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Check out our weekly blog posts and see the latest news and discussions happening in the HR world of business.

Are Your Payroll and Payroll Taxes Being Done Legally?

When we think about payroll, we typically just think about the act of issuing paychecks to employees. However, if you’ve ever tried to run payroll on your own, you know that there is FAR more to it than simply cutting a check.  An error in the process, can land you in a lot of hot water with your employees and even more trouble with the authorities.

Below, we outline just SOME of the legal considerations associated with staying compliant with payroll for your business.

  • Get set up: Before you can ever even hire a single employee, you have to first get your Employer Identification Number (EIN) or Employer Tax Identification (ID) from the Internal Revenue Service (IRS). This number is necessary for reporting taxes and other information to the IRS, as well as to state and local agencies.
  • Be prompt: This one seems obvious, but once you have employees, you are legally required to pay them and to do so in a fashion that the feds describe as “prompt.” While the language is decidedly ambiguous, ultimately what it means is that you should pay your workers soon after the pay period ends (no matter the length of that pay period). You’ll also find that the government wants their cut of the check (in the form of taxes) promptly, so you have a double incentive to be on time!
  • Know your forms: A big part of the payroll process is knowing your paperwork! For example, W-2s need to be handed out annually to all employees, while 1099s need to go out to your contractors (Check out the IRS website to figure out whether you have an employee or contractor because it’s not always as straight forward as you would think). There’s also several other forms based on your state, as well as the type of work you do and how you pay your employees.
  • Get a storage system: If you want protection from future lawsuits and audits, the best thing that you can do is develop a system to accurately and efficiently store your payroll records. This includes records of hours worked, as well as copies of the wages, taxes, and other withholdings paid to your employees.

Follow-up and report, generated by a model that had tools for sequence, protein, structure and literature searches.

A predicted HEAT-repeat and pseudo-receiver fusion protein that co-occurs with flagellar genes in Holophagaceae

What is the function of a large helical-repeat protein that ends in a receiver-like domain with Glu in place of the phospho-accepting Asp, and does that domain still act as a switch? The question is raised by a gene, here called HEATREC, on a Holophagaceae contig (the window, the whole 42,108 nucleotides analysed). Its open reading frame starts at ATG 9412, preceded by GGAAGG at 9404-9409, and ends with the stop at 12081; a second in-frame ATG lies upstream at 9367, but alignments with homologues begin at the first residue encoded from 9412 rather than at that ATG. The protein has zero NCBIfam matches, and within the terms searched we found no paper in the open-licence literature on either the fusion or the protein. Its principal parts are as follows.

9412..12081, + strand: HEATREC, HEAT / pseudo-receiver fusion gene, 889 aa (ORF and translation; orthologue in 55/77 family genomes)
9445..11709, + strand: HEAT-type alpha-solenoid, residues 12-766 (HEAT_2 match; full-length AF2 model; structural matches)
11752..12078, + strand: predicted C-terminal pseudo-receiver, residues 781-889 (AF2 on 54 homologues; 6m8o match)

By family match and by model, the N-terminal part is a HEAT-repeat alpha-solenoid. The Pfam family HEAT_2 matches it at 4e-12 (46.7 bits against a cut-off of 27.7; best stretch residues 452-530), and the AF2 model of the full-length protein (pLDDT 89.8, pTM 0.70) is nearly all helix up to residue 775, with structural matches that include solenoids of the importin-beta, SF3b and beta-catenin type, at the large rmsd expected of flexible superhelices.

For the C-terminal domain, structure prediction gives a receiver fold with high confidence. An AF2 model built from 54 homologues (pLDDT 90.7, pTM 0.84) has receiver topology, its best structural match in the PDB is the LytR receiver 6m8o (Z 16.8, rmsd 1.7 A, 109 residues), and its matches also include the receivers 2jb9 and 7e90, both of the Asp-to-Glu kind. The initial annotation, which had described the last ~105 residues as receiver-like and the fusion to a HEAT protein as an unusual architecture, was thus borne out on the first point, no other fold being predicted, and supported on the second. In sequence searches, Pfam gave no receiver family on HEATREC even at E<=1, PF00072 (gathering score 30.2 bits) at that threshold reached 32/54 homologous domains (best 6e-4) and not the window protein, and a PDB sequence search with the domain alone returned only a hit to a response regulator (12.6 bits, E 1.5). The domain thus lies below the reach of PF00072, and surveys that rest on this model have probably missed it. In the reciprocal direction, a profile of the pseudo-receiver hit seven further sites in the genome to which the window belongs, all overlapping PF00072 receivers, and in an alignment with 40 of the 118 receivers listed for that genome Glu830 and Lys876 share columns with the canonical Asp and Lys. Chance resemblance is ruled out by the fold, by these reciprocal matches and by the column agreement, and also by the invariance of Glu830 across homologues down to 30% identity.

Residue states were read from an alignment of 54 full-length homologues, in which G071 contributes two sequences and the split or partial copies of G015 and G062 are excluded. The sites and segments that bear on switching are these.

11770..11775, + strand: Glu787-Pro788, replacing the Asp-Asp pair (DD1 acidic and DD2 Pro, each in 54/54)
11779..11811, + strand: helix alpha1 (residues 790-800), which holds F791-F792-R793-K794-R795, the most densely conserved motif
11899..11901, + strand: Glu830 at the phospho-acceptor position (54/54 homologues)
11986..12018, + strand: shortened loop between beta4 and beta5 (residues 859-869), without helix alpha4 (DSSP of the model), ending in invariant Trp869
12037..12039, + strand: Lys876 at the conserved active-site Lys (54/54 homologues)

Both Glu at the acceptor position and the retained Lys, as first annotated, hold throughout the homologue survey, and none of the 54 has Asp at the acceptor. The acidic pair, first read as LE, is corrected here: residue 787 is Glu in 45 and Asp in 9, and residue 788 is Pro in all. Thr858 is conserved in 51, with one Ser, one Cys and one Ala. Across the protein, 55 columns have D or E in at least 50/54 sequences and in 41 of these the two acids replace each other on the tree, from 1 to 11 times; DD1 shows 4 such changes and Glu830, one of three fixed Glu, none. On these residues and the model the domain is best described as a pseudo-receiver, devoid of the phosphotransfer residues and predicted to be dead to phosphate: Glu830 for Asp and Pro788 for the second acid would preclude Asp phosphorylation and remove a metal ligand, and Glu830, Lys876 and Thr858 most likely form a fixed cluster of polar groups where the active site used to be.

• Be right: When it comes to penalties, the feds (and your employees!) aren’t going to look kindly on any errors that you make in issuing that payroll! Check, double-check, and triple check your orders – including that you calculated overtime correctly – before you hit send on those checks (or better yet, get them checked by an accountant like we do here at Abel HR!)
  • Be mindful of taxes: When you run payroll, you have to know how much needs to be withheld for federal, state, and local income taxes, as well as FICA (which is withheld from workers and paid by you, as the employer). Use the W-4 form your employee filled out when they were hired to guide income tax withholdings, while FICA taxes will be deducted based on a percentage of the employee’s total pay. Another important caveat? Make sure you’re paying the correct taxes to the correct folks – it can prove more confusing than you think, especially if you have employees that reside in other states or multiple locations for your business.
  • Garnish correctly: Another area where errors frequently occur is in wage garnishments. The bottom line here is that you must withhold what the employee – and the courts – say you must withhold when they request it. Your role is to not only make sure you are calculating the garnishments correctly, but that they are appropriate for the employee’s pay level.   
  • Pay out post-job: Whether someone walked out the door voluntarily for a brighter future or went out like a dumpster fire, you need to pay them out for their time – and, per federal and state regulations, you need to do it in a timely fashion or else you could find yourself on the receiving end of some pretty hefty fines!

If you think this sounds like more effort than it’s worth, give us a call at 609.860.0400 to discuss how we can help you better manage various facets of your payroll process.

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